A LinkedIn member wrote to me the other day in response to a blog post about rewarding positive behavior.
He said in part, "David - This is a daily fight for employers who are trying to help their injured workers so they don’t hire an attorney... Who we kidding UR is a profit center for the carriers and Sandhagen [the California case that declared UR is "mandatory" but which also said that the "mandatory" nature of UR can be fulfilled simply by the claims adjuster making a treatment authorization decision him or her self] is the excuse that keeps on giving. Funny thing is I am on the Employers’ side having to fight for simple treatments even post surgery – what a joke!"
Listen, I don't know for a fact that utilization review is a "profit center for the carriers." I don't have any data or evidence of that, though I do suspect that many UR companies are financially tied to either carriers or claims administrators.
But the sad part of the commentary is that the employer, the one paying the premiums, the one that should be able to have some direction and control over the direction any particular claim takes, gets left at the sidelines once the kickoff to the carrier occurs.
One of the biggest selling points to Oklahoma opt out is that the employer, not the insurance carrier, has so much greater control over claims administration.
If you're big enough as an employer you're going to self insure because of the greater control you have over claim management.
|Bowzer just wants to get back to work...|
Insured employers generally have brokers through which they purchase their insurance and the competitive broker market should provide that claims oversight - but while that's a great service, the monthly file review (or whatever time table is generally set for reviews) is insufficient because claims decisions are made daily.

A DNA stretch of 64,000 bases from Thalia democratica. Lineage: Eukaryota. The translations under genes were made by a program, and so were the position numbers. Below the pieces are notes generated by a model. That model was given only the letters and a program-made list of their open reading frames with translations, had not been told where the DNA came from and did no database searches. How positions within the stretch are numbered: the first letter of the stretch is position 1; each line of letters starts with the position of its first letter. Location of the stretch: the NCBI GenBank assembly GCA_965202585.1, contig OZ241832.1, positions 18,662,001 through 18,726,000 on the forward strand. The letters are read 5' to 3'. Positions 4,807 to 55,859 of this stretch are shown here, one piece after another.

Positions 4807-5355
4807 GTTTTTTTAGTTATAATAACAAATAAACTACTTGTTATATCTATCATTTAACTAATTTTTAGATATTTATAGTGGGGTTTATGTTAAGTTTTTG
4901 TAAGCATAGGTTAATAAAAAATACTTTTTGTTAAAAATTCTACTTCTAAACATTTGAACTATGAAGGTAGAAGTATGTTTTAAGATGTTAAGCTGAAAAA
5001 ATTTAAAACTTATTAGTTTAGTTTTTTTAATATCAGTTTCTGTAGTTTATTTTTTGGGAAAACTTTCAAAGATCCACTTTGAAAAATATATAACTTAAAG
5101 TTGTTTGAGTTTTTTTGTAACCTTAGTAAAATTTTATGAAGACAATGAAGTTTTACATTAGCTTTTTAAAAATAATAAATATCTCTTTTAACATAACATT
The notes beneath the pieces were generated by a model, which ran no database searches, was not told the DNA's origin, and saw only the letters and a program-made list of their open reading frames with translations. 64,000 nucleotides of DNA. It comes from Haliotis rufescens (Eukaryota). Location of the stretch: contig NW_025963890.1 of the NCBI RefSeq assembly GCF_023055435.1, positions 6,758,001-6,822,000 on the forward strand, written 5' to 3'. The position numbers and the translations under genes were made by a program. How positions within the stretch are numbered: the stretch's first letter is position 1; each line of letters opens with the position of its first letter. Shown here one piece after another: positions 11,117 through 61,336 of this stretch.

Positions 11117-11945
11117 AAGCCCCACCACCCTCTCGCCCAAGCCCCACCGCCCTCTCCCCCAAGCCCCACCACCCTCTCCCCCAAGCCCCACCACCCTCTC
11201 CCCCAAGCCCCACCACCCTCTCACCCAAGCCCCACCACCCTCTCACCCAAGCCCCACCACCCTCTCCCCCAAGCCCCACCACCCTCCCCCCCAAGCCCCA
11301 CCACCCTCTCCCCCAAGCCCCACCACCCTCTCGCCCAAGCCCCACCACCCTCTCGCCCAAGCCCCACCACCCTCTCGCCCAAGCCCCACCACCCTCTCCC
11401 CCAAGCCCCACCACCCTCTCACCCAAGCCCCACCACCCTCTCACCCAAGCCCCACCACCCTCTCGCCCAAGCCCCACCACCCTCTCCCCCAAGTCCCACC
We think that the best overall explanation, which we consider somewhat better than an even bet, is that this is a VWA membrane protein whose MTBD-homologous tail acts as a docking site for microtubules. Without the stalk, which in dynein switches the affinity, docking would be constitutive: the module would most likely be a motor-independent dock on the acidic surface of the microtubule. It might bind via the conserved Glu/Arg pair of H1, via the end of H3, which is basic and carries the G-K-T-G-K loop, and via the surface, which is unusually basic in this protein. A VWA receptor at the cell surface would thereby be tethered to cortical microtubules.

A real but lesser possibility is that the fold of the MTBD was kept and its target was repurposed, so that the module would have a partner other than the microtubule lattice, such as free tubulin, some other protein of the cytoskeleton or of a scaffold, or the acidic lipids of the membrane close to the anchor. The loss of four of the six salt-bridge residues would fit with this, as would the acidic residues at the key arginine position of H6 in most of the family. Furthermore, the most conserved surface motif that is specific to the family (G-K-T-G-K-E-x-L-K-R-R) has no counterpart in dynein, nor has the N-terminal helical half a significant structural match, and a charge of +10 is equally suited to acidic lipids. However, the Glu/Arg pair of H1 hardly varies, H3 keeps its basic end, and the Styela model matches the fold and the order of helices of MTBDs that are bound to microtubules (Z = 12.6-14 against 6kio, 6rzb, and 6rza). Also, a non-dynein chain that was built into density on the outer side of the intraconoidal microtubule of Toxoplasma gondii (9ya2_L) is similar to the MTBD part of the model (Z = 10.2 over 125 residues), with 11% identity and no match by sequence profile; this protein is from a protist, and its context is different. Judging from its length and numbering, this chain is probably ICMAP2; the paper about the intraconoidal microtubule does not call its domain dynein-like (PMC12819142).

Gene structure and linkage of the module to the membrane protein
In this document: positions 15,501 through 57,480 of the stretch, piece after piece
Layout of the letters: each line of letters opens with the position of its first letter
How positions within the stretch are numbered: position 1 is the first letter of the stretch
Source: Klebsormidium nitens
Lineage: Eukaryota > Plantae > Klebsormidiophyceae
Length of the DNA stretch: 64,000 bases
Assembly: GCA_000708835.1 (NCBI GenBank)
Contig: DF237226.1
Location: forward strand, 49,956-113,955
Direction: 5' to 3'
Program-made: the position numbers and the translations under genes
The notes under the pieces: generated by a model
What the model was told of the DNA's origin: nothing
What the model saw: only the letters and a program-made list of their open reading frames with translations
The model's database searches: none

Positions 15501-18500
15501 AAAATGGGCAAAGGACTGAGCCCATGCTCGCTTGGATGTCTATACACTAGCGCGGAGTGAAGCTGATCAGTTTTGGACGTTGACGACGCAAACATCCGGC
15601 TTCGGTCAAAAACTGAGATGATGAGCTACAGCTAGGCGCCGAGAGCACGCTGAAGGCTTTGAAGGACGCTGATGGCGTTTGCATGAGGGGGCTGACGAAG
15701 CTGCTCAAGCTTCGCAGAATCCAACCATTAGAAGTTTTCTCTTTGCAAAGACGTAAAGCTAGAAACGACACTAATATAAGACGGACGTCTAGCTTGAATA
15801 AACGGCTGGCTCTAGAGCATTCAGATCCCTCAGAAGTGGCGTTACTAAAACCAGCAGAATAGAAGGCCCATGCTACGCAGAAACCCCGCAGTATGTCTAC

Waiting 30 days to find out that some generally accepted, low cost medical treatment procedure was denied for whatever reason is 30 days too long.
The vast majority of employers in the United States are small businesses without the resources to have someone dedicated to overseeing their insurance company, let alone conduct a claim review every 30 days.
And that's a problem.
The consumer of insurance, in this case the employer, is the customer. If the customer doesn't dispute a claim, doesn't dispute a treatment modality, wants the employee out of the system and back on the payroll, then the employer should have the luxury of making that desire an instruction to the insurance company.
Too often, however, there either is no delegation of that authority or that desire is simply not an option.
I have been in claims review meetings in my past life as a defense attorney, principally representing an employer who was not happy with the claims management of their carrier.
The lack of authority that an employer has over the claims experience was quite apparent in many of these reviews - the carrier's representatives would basically, in so many words, tell the employer that they have no say, that once a claim comes into the carrier's arms it's their business and butt out.
In some states there are "employer rights" laws, but the fact is that small and medium sized businesses don't have the time or resources to avail the remedies in those statutes, and by the time the remedies are accessed it's too late for the injured worker - damage done...
It comes down to accountability. When all is said and done, who's responsible? Who can the finger be pointed at for results? And what are the consequences?
Sure there are administrative penalties based on performance numbers that are far removed from the actual day to day handling of human lives - they are neither deterrent nor incentive.
Insurance companies market to what sells - premium cost. When was the last time you saw an advertisement for an insurance company in any line of the industry proclaim superior claims handling?
Employers need to demand what they pay for - top quality claims management with input authority from the employer. If employers would shop for that, rather than the lowest price, the claims industry would "get it."
Risk managers shouldn't have to fight for treatment for their employer's workers.